While National Recovery Month was recognized across the country in September, Mississippi State Hospital and the Department of Mental Health are continuing to celebrate recovery and the strides made by those living with mental illnesses.
The department has introduced its “Think Recovery” campaign as DMH programs across the state are highlighting the various components of recovery and sharing stories of success from individuals who are in recovery and living successful lives.
One of those success stories belongs to Chris Marcell, a resident of the Mississippi Gulf Coast. Now president of the Gulf Coast affiliate of the National Alliance on Mental Illness (NAMI), Marcell has shared his story of recovery throughout the state. He recently had some of his artwork selected for NARSAD Artworks, a non-profit, volunteer organization that showcases museum-quality artwork by artists whose lives have all been touched by mental illness.
Marcell painted “Bird In A Tree” while he was receiving inpatient treatment at Mississippi State Hospital in 2007. In his painting, a small bird is momentarily perched on one branch in the much larger complex of the tree. Marcell said this metaphor has proved to become the new definition of his life in recovery and management of mental illness since his return to the residential community in spring of 2008.
A native of Seattle, Washington, Marcell studied theater and dance in college. Afterwards, he went into drumming and did his best to travel across the country playing rock music. He pulled in to the Mississippi Gulf Coast in January of 2000.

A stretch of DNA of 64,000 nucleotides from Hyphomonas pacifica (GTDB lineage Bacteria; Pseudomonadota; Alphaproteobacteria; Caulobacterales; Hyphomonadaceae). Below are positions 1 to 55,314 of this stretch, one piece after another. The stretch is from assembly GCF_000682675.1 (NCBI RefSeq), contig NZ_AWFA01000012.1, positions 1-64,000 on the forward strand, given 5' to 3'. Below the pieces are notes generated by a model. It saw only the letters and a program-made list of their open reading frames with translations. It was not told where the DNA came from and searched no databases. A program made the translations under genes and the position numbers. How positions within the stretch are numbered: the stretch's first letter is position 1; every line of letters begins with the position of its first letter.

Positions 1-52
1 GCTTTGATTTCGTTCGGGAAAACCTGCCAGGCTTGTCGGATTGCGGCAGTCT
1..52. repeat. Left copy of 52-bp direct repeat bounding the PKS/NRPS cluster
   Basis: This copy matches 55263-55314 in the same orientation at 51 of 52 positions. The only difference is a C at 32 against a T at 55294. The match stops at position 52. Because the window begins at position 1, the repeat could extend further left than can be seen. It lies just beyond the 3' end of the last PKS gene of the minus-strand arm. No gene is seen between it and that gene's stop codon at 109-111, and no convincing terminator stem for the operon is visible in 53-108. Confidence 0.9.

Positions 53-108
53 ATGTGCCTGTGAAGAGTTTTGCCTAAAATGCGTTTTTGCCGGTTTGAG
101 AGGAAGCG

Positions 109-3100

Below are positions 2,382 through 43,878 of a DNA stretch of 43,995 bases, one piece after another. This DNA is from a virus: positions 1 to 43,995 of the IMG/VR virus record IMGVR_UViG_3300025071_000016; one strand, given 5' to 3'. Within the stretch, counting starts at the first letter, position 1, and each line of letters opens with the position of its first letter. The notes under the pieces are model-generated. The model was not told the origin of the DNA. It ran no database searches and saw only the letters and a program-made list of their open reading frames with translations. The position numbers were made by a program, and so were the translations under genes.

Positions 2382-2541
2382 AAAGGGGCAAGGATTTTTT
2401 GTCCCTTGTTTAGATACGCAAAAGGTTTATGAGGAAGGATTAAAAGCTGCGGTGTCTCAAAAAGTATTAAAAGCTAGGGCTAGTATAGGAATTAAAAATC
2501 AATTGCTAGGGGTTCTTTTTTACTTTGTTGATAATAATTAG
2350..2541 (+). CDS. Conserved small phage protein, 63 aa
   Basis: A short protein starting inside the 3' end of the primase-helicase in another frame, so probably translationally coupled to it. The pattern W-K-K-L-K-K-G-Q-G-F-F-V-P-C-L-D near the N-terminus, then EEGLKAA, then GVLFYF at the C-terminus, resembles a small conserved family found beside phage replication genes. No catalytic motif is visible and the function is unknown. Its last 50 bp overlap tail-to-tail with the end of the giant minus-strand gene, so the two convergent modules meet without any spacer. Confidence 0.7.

However, along with his mental health diagnosis, Marcell has a co-occurring condition of drug and alcohol abuse. Despite his creativity, spirit and inspiration to create original music, he had a difficult and intermittent journey in the arts, and was eventually hospitalized.
While receiving treatment at MSH, Marcell took Art Therapy and Music Therapy classes as part of the curriculum of educational, rehabilitative, and recovery-oriented classes taught by specialists, nurses, therapists, and counselors. In addition to those classes the patients are given the opportunity to experience spirituality, which Marcell said had an impact on him.
“I was given a chance to grasp the basic concept of using ‘Wise Mind’; the opportunity to experience guided meditation; and all the while receiving specific information about mental health diagnosis and recovery principles,” Marcell said.
“I took hospitalization as open mindedly as I could at the time. I am grateful to the Mississippi Department of Mental Health for caring for me when I could not care for myself.”
He has since become involved with National Alliance on Mental Illness Mississippi (NAMI). Marcell has been trained to provide peer support through the programs of NAMI — a grassroots, non-profit organization which provides education, support and advocacy for persons who have mental health diagnosis. NAMI provides services for family members, caregivers, providers, and professionals as well.
“NAMI is a key psychosocial experience in my journey of recovery,” Marcell said. “In fact, NAMI is the largest grassroots organization helping people with mental illness in the nation. I am challenged to function responsibly and with a high degree of credibility through this organization. It is linked to my future,” he said. “And, it’s family friendly!”
Chris Marcell has become a new man and a new artist over the past five years. He has ceased using drugs and alcohol and participates in a 12 step fellowship with the help of a sponsor. He is in active recovery, making and maintaining progress. A very creative person, Marcell has had dreams of being a serious artist for a long time.
“To have my painting shown is a wonderful credit!” he exclaims. “It inspires me to produce another work of art!”